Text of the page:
How Long Does It Take?
When I first started this column, I assumed that the more math-intensive discussions would turn off the casual readers. I expected a mix of existing retailers, legitimate potential retailers, and gamers curious enough to peek behind the curtain. I expected the last group would be the largest.
My logs show that readership is highest for the most math-y columns. Apparently, more of you are serious about opening a game store than I expected. That, or I bored off the curious-but-not-serious readers.
Either way, I plan to fine-tune the column’s focus to be more helpful, especially in the area of financial discussion—but not excluding marketing, store planning, and other content.
How Long Does It Take
Which brings us back to the topic: how long will it take you to save up enough cash to open?
I’m assuming that most people won’t open with pure cash. Saving enough cash to pay all the bills would take longer than most people are willing to wait. Besides, if you take out a loan, you’ll earn money faster than the interest on the loan accrues-—hopefully.
The more cash you start with, the stronger your position, for reasons I’ve stated before. To summarize, cash gives you better credit for the portion that you borrow, cash gives you more flexibility, and cash saves you from having to pay interest. It’s just plain good.
I established a goal of $30,000 for this exercise. That gives you enough cash for a couple of months’ worth of operations in many cases. It can provide money on hand for expenses you might incur before taking out a commercial loan. It’s enough to seed investment capital if you seek private investors.
As with all examples, it might not apply to you. You might need more; you might need less. Work out the spreadsheet I’ve provided to discover your specific needs.
I created 5 scenarios for this comparisons. The sixth is up to you.
Let’s start with the assumptions and calculations
- You earn $600 per week.
- You sock away 10% off the top into one or more interest-earning accounts
- These accounts earn an average APY of 6%.
- I did NOT count any increase in wages, although it’s reasonable that your income should continue to climb by at least 2-3% per year.
I know that 6% is high for current rates, but you can get it. I won’t discuss options for where you can find those rates here. Besides, it’s an average over time, and saving rates will rise.
Why start at $600 and not some lower amount? If you’re earning much less, there’s not a whole lot of room for savings. You’re paying the bills. If you want to save money, you need a surplus in your cash flow.
Some people manage to save more on less income. Maybe your spouse earns enough to pay the bills and your full income is available for your personal use. Maybe you live with your parents. Whatever. If that’s you, ignore the income and focus on the savings.
I’m also assuming a single person’s finances. If you have two incomes, things become much more attractive.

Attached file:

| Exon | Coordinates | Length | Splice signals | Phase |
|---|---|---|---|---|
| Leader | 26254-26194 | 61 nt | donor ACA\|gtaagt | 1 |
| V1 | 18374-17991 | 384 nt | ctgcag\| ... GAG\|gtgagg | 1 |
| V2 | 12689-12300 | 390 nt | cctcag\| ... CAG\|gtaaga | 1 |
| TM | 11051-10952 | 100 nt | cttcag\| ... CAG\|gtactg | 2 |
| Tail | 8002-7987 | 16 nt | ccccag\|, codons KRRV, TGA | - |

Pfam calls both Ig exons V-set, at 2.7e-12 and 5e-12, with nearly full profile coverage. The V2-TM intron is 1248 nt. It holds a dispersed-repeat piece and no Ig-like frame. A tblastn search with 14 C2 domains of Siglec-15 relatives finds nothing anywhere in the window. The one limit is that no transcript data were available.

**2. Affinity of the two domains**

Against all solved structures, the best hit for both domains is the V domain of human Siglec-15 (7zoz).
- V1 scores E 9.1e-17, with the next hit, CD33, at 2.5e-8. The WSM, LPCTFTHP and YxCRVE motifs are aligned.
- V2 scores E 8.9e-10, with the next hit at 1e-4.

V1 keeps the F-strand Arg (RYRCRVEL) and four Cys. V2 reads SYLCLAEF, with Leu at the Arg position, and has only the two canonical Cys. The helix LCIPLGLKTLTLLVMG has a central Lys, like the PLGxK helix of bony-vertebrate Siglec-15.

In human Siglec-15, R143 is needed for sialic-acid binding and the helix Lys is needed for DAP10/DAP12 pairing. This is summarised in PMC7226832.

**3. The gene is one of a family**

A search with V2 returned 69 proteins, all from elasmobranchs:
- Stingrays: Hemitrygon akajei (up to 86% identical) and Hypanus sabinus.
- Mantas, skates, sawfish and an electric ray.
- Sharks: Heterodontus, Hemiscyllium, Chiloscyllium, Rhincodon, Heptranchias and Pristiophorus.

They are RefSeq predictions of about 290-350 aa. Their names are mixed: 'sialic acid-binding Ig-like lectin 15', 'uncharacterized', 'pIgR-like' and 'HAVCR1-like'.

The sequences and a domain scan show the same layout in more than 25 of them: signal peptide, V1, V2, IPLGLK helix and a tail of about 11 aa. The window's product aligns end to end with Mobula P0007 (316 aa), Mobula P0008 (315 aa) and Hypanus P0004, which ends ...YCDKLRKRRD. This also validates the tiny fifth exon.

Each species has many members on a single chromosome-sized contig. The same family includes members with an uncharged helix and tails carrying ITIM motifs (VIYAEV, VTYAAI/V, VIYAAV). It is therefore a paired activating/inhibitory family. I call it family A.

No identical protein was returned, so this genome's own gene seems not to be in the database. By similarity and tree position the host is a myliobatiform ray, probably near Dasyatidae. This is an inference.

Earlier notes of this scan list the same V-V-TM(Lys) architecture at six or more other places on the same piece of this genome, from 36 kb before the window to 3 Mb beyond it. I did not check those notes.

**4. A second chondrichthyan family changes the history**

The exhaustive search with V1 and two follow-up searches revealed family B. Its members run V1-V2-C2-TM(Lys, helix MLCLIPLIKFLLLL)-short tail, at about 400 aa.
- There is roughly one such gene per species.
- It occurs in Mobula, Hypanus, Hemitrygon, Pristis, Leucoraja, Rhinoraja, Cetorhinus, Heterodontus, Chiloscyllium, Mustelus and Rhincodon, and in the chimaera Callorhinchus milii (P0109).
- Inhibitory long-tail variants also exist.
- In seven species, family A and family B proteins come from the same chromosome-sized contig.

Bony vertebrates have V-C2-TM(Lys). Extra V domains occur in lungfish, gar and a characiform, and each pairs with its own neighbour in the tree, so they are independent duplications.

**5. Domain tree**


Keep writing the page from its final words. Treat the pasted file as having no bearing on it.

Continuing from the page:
The net result is that you reach $30,000 near the end of your 8th year.
Add $75 per week to the income in Scenario 1. It might be a bonus, or overtime, or something else. You still save 10% of your salary. The only change is the higher salary.
You get your $30,000 at the end of your 7th year. Judging by eye, you’ll shave about eight months versus Scenario 1. Earning a little more money and saving the same percentage of each check has a marginal impact on how quickly you reach your goal.
Scenario 3 takes the same income as Scenario 2, but instead of saving 10%, you save 10% of your base pay plus the entirety of the increase. Your personal contribution is much higher in this case. You’re less reliant on compounding interest. You depend far more on your consistency in savings.
You reach $30,000 in less than 4 years. That’s getting much better.
Scenario 4 calculates working a second job for a reasonable hourly rate of $15 an hour for a total 10 hours per week. That’s about the rate I netted as a delivery driver the last time I worked in that capacity, over 10 years ago. Some Toys ‘R Us locations pay bike assemblers that much. I used to earn $15 per hour teaching karate through the community education program in public schools back in the 80s. The point is that the rate is out there, and it’s available in entry-level jobs.
Whatever the source, this scenario assumes that you earn yourself a bonus $150 per week and invest it all. You get to keep all of your base pay in this case. You’ll save much faster, reaching $30,000 in about 3 years and 5 months.
I’m all for considering all options.
If you continue Scenario 4 for about 20 years, you could live off your interest without having to worry about broken release dates, Internet discounters, trash in the game room, worker’s comp, annual CAM adjustments, and all those other troubles. Start at 20 years old, and retire in your 40s. Spend all your time hanging out in someone else’s store.
Scenario 6 is all yours.
Set your own goal. Go to this Savings Calculator . Enter your income and the amount you expect to be able to save. If you have a nest egg started, there’s a place for that.